alexa Pulmonary tuberculosis in HIV infection: radiographic appearance is related to CD4+ T-lymphocyte count.


Journal of Medical Microbiology & Diagnosis

Author(s): Post FA, Wood R, Pillay GP

Abstract Share this page

Abstract SETTING: An adult HIV outpatient clinic in Cape Town, South Africa. OBJECTIVE: To investigate the relationship between the radiographic appearance of pulmonary tuberculosis (PTB) in HIV infected patients and CD4+ T-lymphocyte count. DESIGN: Pretreatment radiographs of 150 patients with newly diagnosed PTB were reviewed. CD4+ T-lymphocyte count was used as a marker of HIV disease progression. RESULTS: Upper zone infiltrate typical of PTB reactivation was present in 18 patients. This pattern was associated with early HIV infection (mean CD4+ T-cell count 389) and had 78\% positive predictive value for identifying patients with > 200 CD4+ T-lymphocytes/microL. Pleural effusion was present in 32 patients and occurred over a wide intermediate range of CD4+ T-cell counts (mean 185). Lower or midzone infiltrates, adenopathy, interstitial pattern or normal radiograph occurred in 136 patients and were associated with advanced HIV disease (mean CD4+ T-cell count 105). These patterns had 84\%, 89\%, 89\% and 100\% positive predictive value, respectively, for identifying patients with < 200 CD4+ T-cell/microL. CONCLUSION: Pulmonary tuberculosis in African HIV-positive patients presents with a spectrum of radiographic abnormalities predictive of stage of HIV disease progression. In patients dually infected with HIV and PTB, chest radiographs are a useful adjunct to clinical staging.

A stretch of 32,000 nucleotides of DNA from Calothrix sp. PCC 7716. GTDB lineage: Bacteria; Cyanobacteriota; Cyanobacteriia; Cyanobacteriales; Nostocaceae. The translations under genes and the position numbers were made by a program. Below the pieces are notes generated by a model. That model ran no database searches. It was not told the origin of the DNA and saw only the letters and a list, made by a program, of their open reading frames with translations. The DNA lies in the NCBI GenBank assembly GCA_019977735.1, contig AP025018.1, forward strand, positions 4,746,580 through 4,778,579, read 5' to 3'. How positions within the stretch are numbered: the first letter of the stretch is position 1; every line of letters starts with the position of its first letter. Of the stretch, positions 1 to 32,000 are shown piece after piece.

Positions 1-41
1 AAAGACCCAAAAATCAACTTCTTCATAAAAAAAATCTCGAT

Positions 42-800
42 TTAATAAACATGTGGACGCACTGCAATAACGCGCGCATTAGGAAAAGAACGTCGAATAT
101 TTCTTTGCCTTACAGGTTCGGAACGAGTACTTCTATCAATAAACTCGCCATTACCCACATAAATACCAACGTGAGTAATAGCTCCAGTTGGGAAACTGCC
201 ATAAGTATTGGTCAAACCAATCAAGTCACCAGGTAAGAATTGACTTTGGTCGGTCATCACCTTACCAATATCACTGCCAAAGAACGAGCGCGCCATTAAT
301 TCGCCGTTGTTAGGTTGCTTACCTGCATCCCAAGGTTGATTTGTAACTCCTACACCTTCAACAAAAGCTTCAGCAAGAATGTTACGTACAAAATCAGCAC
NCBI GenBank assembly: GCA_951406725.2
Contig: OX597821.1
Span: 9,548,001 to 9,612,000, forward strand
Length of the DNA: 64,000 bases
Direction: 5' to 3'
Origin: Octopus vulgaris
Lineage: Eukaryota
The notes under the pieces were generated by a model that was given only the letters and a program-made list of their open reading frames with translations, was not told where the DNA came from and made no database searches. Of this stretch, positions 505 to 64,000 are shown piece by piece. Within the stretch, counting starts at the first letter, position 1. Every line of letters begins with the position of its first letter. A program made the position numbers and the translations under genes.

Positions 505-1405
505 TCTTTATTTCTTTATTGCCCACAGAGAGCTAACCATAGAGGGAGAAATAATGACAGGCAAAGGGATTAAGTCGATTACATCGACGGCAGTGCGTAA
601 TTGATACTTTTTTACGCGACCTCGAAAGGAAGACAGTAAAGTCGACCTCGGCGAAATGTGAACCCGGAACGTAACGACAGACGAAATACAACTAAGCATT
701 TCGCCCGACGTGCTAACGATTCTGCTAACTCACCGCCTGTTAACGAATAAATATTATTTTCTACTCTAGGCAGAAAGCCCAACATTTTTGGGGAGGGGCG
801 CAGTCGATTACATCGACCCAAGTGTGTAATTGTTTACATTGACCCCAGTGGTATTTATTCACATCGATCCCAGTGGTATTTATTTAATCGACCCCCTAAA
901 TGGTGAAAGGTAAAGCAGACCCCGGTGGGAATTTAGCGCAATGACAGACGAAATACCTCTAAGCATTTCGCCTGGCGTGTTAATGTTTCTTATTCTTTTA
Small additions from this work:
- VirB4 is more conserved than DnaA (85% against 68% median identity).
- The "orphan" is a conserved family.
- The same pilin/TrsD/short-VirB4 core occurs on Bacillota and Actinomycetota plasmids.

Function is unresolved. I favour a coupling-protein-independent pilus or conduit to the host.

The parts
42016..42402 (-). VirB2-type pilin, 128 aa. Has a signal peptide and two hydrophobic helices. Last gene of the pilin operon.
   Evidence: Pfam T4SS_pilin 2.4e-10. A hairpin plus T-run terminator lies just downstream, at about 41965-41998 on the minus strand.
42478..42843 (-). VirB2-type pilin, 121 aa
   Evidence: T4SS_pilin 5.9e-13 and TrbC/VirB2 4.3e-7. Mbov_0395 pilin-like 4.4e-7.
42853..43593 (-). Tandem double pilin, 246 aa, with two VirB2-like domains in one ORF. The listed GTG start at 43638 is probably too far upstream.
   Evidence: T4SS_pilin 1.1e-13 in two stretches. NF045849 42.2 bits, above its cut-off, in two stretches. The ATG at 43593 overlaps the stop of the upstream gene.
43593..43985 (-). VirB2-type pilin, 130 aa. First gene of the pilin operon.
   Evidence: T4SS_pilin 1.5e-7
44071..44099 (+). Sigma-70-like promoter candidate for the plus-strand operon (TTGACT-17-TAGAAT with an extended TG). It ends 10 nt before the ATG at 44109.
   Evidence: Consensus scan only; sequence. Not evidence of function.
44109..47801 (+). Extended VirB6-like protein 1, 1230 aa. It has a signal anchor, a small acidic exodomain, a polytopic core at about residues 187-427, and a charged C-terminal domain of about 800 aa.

This article was published in Tuber Lung Dis and referenced in Journal of Medical Microbiology & Diagnosis

Relevant Expert PPTs

Relevant Speaker PPTs

Recommended Conferences

Relevant Topics

Peer Reviewed Journals
Make the best use of Scientific Research and information from our 700 + peer reviewed, Open Access Journals
International Conferences 2017-18
Meet Inspiring Speakers and Experts at our 3000+ Global Annual Meetings

Contact Us

© 2008-2017 OMICS International - Open Access Publisher. Best viewed in Mozilla Firefox | Google Chrome | Above IE 7.0 version